Final report from Call 2 Project: The Development and Demonstration of Best Practice Guidelines for the Safe Start-up Injection of CO2 into Depleted Gas Fields

Written by Andrea Sacconi from University College London who is the Research Associate on the UKCCSRC Call 2 project – The Development and Demonstration of Best Practice Guidelines for the Safe Start-up Injection of CO2 into Depleted Gas Fields (PI: Haroun Mahgerefteh)

The UKCCSRC Call 2 project has focussed on the development and verification of a rigorous mathematical model for the simulation of the highly-transient multi-phase flow phenomena taking place in the wellbore during the start-up injection of CO2 into depleted gas fields. This model is intended to serve as a powerful tool for the development of optimal injection strategies and best-practice guidelines for the minimisation of the risks associated with the start-up injection of CO2 into such fields.

Highly-depleted gas fields represent prime potential targets for large-scale storage of captured CO2 emitted from industrial sources and fossil-fuel power plants. The most effective way of transporting the captured CO2 for subsequent sequestration using high-pressure pipelines is in the dense phase. The CO2 arriving at the injection well will typically be at pressure greater than 70 bar and at temperature between 4 and 8 ºC. Given the substantially lower pressure at the wellhead, the uncontrolled injection of CO2 will result in its rapid, quasi-adiabatic Joule-Thomson expansion leading to significant temperature drops. This could pose several risks, including hydrate and ice formation around the wellbore and thermal shocking of the wellbore casing steel, leading to its fracture and ultimately escape of CO2.

Despite its importance, the modelling of the flow dynamics taking place during the start-up injection of CO2 has been devoted mainly to either steady-state operations or flows where only pure CO2 is injected. In addition, there is little work in the literature regarding the impact of the injection rate and the upstream inlet conditions (e.g. temperature and pressure) on the degree of cooling along the well. Needless to say, the modelling of this flow is extremely complicated. Let us have a closer look at the homogeneous relaxation flow model we employed and the main results we would like to report.

As per usual in these projects with a direct engineering application, the modelling part has been accompanied by heavy simulations, through which we have managed to identify the most relevant parameters. Based on the application of our model to a realistic test case involving the injection of CO2 into the Goldeneye depleted reservoir in the North Sea, the main findings of this work can be summarised as follows:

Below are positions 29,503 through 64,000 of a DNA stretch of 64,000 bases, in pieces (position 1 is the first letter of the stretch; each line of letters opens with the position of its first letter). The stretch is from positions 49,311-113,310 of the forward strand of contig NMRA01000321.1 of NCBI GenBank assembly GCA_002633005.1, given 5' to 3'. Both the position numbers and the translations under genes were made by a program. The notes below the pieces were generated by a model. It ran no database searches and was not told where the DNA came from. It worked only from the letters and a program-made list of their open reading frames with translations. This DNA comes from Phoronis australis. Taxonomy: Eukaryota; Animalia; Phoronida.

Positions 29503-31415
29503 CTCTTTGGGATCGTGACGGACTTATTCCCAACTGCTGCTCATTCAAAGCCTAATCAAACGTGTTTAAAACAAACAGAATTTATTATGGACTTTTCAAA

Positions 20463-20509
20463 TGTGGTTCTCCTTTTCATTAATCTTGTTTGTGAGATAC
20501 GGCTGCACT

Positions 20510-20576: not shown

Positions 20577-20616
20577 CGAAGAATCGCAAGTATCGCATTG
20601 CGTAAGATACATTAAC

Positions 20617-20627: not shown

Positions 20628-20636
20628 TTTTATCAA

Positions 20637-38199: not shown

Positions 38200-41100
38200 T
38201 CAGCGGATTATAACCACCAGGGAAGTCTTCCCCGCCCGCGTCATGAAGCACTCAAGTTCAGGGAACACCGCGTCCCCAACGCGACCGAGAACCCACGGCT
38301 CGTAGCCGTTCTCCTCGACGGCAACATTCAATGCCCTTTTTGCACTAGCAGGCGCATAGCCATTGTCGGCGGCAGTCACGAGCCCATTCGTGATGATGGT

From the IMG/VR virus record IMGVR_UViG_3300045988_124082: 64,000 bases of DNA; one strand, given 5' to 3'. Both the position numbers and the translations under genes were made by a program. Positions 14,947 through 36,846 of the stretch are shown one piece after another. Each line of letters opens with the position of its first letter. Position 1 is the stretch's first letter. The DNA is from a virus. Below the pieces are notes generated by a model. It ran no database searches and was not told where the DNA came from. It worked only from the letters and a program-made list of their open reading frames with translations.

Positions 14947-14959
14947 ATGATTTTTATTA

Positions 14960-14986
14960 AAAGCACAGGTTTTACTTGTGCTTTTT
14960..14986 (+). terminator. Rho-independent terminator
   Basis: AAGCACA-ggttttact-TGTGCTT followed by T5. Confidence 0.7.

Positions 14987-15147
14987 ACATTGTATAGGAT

• the degree of cooling and hence the depressurisation along the injection well becomes less severe with a decrease in the injection duration. In other words, we recommend operating a quick start-up injection (between 5 and 30 minutes) rather than a longer one (over 2 hours);
  • the minimum values attained by both pressure and temperatures at the wellhead are higher when the CO2 stream is injected at a higher temperature;
  • the minimum values attained by the temperature at the wellhead remain above the minimum one recommended by the steel manufacturer for the tubing employed at the Goldeneye site.
  • at no time or location along the well is the CO2 triple point hit. Therefore, no solids are formed under the operating conditions investigated in our simulations;
  • pressure and temperature at the bottom of the well remain high enough to avoid the onset of CO2 hydrates. However, this feature is site specific and must be examined carefully because shallower reservoirs might exhibit lower pressure, making the formation of CO2 hydrates more likely.

Other parameters that are to be taken into consideration are: a site-specific outflow boundary condition (which can account for the properties, e.g. pressure, porosity, and permeability, of the particular reservoir into which the CO2 is discharged), a cross-sectional area varying with depth, and the heat conduction in the radial direction through the various well layers.

As part of the project I had the great opportunity to present my work at the 2016 AIChE Annual Meeting, held in San Francisco on 13-18 November 2016. Despite the ordeal to arrive in San Francisco (my connection to California was cancelled, I had to hop on a plane to Los Angeles and then on another one to reach my final destination … with my luggage misplaced in the meanwhile!), I made it on time for my presentation. I was lucky enough to find a warm, sunny day, ideal for some pictures.

During the project, it has been an honour to work with bright researchers and PhD students, and to collaborate to the writing of new research proposals where the work carried out in this project will hopefully be developed. We aim to investigate the presence of impurities in the feed stream and the usage of a combined single-fluid/two-fluid model for an improved characterisation of flow regimes and interphase correlations. Moreover, the lessons learnt from this well injection project could be used in other modelling challenges, where the well is not filled with CO2 but with another gas (e.g. methane) and highly-transient operations might involve not the injection into a reservoir, but the sudden blowout of the well at its head, with accidental release of hazardous inventory into the surrounding area.